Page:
Ask an Expert: Nose Bee-rs


Words || Nathaniel Keesing

Her name is Beeyoncé, and she’s no regular mum. After putting Blue Hivey to bed, she decides to unwind with a glass of rosé. Her husband Jay-ZZZ is away travelling for work, so she decides to call her besties over for a girl’s night out. She’s the queen of her social group, and her friends are the drones. After predrinking and judging boys on Bumble, she pressures her friends into doing something a bit harder. She digs deep into her purse and pulls out a baggie of cocaine. They get absolutely toasted and dance their night away.
Ok, that wasn’t a real thing that happened. But while you’re drinking light beer at Ubar, bees are getting fucked up on cocaine.

It’s been 10 years since he conducted this wild experiment, but Macquarie University’s resident bee guru Dr Andrew Barron, an Associate Professor at the Department of Biological Sciences, sat down with me to talk about how he became so invested in the research of our most important pollinators, and why his research on giving bees some nose candy revealed that they aren’t so different from us.

“I was always a kid that was fascinated by animal behaviour and I was particularly fascinated by insect behaviour. If we look at insects, we don’t know what we’re looking at, we don’t know whether we’re looking at some sort of completely instinctive robot that has no mind and is just following a program. Or are we looking at something that is extremely intelligent, extremely dynamic in its behaviour, that is intention driven, that has emotion-like behaviour even?” Surprisingly, they’re much more alike to humans than you’d think.
Bees can’t talk like us. But they sure can dance like us. When a bee has found a reward for the colony, she emotes a cute little jig to communicate with the rest of the hive on not only where it is, but what the quality of the reward would be.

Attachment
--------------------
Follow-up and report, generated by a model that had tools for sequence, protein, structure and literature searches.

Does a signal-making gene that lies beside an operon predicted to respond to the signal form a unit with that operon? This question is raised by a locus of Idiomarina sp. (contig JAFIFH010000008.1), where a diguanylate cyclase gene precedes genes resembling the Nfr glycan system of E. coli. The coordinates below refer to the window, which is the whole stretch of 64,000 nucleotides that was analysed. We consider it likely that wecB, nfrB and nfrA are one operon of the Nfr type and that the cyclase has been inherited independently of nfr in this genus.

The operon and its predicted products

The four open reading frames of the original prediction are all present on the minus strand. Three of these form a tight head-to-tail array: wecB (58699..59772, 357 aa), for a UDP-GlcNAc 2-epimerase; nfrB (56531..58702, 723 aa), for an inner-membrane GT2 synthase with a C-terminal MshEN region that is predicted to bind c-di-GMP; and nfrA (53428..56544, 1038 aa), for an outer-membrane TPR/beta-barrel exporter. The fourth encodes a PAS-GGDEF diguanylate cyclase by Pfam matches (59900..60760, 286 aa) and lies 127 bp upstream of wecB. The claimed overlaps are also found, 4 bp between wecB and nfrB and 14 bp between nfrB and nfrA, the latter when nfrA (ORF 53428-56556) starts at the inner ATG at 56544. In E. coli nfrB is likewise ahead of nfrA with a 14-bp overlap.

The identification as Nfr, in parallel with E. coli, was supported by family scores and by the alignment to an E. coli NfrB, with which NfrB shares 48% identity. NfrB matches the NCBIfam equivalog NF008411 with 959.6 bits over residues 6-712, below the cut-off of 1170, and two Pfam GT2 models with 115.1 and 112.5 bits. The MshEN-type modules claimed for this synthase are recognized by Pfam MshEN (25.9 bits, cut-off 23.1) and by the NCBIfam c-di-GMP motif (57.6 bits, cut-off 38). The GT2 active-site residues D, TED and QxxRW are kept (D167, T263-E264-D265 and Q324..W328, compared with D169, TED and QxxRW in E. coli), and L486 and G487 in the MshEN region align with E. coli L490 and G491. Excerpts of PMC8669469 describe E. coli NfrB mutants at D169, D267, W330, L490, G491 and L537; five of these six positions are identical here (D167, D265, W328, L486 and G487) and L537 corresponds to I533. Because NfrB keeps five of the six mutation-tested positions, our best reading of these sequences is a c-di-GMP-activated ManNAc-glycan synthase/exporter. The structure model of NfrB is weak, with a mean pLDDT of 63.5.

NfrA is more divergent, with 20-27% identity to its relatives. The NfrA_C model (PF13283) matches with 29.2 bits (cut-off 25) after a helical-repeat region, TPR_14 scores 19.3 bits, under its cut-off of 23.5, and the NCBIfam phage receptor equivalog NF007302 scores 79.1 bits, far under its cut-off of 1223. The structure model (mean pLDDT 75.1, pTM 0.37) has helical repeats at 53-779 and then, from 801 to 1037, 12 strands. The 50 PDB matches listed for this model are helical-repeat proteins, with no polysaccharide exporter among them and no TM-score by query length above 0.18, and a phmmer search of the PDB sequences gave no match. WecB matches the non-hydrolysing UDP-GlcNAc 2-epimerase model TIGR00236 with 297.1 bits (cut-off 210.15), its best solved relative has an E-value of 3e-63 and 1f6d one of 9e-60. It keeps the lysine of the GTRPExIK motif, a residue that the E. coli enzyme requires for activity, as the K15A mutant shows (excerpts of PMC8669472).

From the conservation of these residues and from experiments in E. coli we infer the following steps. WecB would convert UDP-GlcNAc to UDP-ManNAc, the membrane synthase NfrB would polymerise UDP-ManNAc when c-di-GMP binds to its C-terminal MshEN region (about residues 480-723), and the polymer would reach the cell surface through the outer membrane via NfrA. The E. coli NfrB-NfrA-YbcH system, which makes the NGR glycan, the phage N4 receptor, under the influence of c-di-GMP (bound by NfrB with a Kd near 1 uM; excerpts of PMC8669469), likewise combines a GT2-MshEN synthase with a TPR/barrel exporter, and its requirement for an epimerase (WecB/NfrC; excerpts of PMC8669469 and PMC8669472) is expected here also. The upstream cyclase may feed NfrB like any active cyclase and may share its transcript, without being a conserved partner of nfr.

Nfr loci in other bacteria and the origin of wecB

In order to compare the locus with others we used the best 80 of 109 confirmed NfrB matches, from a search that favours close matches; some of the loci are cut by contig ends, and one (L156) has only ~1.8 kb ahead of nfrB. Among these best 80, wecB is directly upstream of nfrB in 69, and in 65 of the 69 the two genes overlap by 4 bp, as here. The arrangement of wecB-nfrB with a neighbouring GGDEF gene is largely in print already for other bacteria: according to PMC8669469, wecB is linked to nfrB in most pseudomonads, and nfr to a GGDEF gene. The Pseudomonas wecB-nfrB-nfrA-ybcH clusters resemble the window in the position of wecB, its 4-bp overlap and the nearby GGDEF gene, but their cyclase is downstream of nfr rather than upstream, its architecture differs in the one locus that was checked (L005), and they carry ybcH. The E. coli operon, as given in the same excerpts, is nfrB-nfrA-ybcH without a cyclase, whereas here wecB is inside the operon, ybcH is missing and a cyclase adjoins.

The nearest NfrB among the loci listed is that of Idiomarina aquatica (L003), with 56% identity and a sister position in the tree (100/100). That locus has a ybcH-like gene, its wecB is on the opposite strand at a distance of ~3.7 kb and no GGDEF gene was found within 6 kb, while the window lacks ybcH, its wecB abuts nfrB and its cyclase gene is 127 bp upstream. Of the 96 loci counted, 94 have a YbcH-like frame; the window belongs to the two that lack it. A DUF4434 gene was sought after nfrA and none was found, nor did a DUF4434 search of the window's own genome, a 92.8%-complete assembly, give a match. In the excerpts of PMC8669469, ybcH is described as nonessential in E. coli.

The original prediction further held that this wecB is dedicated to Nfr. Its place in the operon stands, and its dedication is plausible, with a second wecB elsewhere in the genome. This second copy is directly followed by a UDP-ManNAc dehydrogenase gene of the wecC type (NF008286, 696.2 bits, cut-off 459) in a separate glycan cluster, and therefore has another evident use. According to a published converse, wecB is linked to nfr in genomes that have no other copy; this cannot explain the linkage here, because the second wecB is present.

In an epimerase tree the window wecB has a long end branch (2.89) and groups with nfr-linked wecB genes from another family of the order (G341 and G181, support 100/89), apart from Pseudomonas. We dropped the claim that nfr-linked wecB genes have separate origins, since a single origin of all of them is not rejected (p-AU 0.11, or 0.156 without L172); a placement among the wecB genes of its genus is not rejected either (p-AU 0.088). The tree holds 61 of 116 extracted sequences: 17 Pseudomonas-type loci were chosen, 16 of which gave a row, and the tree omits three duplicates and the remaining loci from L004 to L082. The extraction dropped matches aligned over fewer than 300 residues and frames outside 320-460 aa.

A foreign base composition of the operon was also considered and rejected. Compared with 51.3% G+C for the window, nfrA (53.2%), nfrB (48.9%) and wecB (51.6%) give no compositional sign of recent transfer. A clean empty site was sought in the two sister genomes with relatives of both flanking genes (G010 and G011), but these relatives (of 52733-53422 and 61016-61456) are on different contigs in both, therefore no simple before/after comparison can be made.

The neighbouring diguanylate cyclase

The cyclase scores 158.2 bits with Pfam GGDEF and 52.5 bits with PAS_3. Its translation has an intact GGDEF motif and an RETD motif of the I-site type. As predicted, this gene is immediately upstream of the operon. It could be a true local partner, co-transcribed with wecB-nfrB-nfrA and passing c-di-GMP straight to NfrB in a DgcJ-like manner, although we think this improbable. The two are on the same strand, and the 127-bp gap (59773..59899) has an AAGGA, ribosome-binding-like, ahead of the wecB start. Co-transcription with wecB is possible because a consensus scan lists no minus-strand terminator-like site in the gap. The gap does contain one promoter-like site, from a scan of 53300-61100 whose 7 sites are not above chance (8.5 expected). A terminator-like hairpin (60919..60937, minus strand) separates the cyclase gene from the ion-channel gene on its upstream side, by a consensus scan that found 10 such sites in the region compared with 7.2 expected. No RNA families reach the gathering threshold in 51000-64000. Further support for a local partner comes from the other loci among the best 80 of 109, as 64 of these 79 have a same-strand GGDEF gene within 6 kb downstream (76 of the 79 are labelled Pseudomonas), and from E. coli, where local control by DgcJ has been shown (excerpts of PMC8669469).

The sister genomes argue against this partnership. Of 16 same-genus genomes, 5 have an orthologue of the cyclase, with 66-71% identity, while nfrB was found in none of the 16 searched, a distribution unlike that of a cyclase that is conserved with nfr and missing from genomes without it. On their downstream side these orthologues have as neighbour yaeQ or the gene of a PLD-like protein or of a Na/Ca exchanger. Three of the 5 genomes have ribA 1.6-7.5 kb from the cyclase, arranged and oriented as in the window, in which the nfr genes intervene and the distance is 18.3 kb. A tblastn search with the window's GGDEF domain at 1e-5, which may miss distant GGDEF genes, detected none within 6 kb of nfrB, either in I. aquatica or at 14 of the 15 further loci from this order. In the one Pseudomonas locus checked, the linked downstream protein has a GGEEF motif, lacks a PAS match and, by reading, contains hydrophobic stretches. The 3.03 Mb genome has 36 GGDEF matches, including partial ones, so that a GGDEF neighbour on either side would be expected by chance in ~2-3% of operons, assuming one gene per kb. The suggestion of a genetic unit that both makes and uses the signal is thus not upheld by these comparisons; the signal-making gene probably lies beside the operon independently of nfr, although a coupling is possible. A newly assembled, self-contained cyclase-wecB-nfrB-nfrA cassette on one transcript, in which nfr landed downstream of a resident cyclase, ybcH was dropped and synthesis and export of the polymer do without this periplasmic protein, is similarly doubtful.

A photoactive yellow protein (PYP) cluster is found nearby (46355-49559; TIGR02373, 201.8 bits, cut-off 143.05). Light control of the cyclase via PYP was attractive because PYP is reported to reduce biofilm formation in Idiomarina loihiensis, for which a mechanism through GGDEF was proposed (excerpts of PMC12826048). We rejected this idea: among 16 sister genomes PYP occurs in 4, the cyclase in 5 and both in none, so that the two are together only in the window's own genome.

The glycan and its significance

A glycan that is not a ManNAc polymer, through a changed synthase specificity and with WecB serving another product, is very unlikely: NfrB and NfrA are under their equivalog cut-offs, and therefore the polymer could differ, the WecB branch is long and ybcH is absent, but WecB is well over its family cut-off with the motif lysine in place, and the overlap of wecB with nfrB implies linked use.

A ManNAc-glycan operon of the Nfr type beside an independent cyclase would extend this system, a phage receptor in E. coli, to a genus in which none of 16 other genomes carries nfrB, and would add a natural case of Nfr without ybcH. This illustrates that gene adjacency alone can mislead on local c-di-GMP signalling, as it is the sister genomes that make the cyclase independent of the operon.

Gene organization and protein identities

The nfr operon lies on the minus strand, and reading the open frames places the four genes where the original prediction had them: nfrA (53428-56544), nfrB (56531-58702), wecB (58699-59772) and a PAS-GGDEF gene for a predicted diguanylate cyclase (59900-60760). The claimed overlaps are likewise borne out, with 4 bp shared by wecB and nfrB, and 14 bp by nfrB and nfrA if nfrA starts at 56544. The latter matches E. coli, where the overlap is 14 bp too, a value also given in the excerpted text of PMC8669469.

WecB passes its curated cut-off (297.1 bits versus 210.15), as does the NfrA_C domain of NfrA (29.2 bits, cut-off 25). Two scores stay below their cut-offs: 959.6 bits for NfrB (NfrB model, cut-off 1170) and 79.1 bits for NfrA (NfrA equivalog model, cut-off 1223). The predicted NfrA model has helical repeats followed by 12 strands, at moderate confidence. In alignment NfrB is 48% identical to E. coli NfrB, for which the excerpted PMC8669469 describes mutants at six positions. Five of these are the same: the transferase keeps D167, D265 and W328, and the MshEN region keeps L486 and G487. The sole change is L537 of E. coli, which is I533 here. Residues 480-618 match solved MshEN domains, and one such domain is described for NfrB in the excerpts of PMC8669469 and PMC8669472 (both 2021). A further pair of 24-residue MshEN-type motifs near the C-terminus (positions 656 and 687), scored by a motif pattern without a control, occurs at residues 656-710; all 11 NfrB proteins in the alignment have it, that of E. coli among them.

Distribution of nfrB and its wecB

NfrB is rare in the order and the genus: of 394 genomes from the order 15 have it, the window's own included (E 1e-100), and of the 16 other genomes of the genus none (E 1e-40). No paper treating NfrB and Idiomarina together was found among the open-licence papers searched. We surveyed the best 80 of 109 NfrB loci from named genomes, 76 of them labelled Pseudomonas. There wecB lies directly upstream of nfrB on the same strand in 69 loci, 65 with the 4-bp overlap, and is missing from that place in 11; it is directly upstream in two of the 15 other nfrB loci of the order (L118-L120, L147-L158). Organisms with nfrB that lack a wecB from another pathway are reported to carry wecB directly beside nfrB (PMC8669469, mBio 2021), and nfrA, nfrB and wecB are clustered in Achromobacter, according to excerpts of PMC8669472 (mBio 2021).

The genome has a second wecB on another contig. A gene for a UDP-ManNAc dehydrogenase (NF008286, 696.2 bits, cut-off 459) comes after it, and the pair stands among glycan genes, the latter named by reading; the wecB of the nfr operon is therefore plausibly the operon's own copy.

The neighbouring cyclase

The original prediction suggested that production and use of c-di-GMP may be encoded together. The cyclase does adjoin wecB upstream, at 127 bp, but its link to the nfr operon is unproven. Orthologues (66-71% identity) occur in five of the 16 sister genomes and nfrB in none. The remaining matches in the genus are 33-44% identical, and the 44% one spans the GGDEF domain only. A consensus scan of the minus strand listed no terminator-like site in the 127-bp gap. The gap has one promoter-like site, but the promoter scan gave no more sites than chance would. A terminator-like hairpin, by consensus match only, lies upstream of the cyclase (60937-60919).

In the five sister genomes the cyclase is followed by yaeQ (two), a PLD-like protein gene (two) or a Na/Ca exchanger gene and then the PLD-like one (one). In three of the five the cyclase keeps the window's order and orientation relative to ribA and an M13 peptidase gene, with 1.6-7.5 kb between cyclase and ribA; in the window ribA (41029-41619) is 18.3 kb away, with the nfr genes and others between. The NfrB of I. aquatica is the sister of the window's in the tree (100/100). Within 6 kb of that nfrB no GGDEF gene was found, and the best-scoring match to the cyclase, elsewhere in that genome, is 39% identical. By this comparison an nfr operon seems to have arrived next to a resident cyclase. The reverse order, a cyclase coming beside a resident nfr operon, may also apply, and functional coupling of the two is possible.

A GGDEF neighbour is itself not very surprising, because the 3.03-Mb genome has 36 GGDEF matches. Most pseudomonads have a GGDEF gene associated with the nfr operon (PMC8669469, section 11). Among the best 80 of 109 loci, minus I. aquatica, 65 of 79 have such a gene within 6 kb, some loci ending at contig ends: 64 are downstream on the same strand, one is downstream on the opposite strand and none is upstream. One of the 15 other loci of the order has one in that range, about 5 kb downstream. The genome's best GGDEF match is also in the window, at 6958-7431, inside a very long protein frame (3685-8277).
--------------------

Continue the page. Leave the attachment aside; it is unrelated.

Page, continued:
Barron explains, “If we treated the returning bees with cocaine, what we found is that they overestimated the value of reward in their dance. Humans who have taken cocaine report that everything feels fantastic. Their experiences feel super intense and super good. And we propose that the honey bee dance was giving us a natural readout of the bees own subjective reward perception.”

But why though? Humans and insects have between 600-800 millions years of evolution separating us, yet this drug is having profoundly similar effects on both species. Barron believes there should be a way to learn more about how cocaine acts on human brains, if we can learn how it affects our stingy little friends.

We won’t be having cocaine-infused honey on our Weet-Bix in the morning anytime soon though. Barron explains that to get ethical approval for this research, “We applied minute doses directly to individual bees, we’re talking about 1 milligram per bee. When the bee is making honey, she collects nectar from flowers and stores it in a special organ called the honey stomach. We applied cocaine directly into its bloodstream, so it could never access that honey stomach, so we weren’t polluting any of that nectar that they collected.” All I could imagine is tiny little bee-sized syringes and rolled up 5-dollar bills.

Despite this bizarre cocaine research having concluded several years ago, there is some pretty serious work still being done. Barron has two main focuses his lab is working on. First is his work with honeybee health and welfare.

“That’s responding to the problem of declining pollinator populations and the global bee populations that are struggling”. While saving our dying bees is incredibly important; our entire ecosystem relies on bees, the other focus of the lab is perhaps even more exciting.
Barron explains, “the other line of research is very much pure neuroscience, and the focus there is to understand the functions of the honeybee brains. Ultimately the idea is that we want to understand them to the point where we can replicate them”. The future of bee research is looking to be very exciting. My only hope that we don’t end up with Black Mirror-esque killer bees.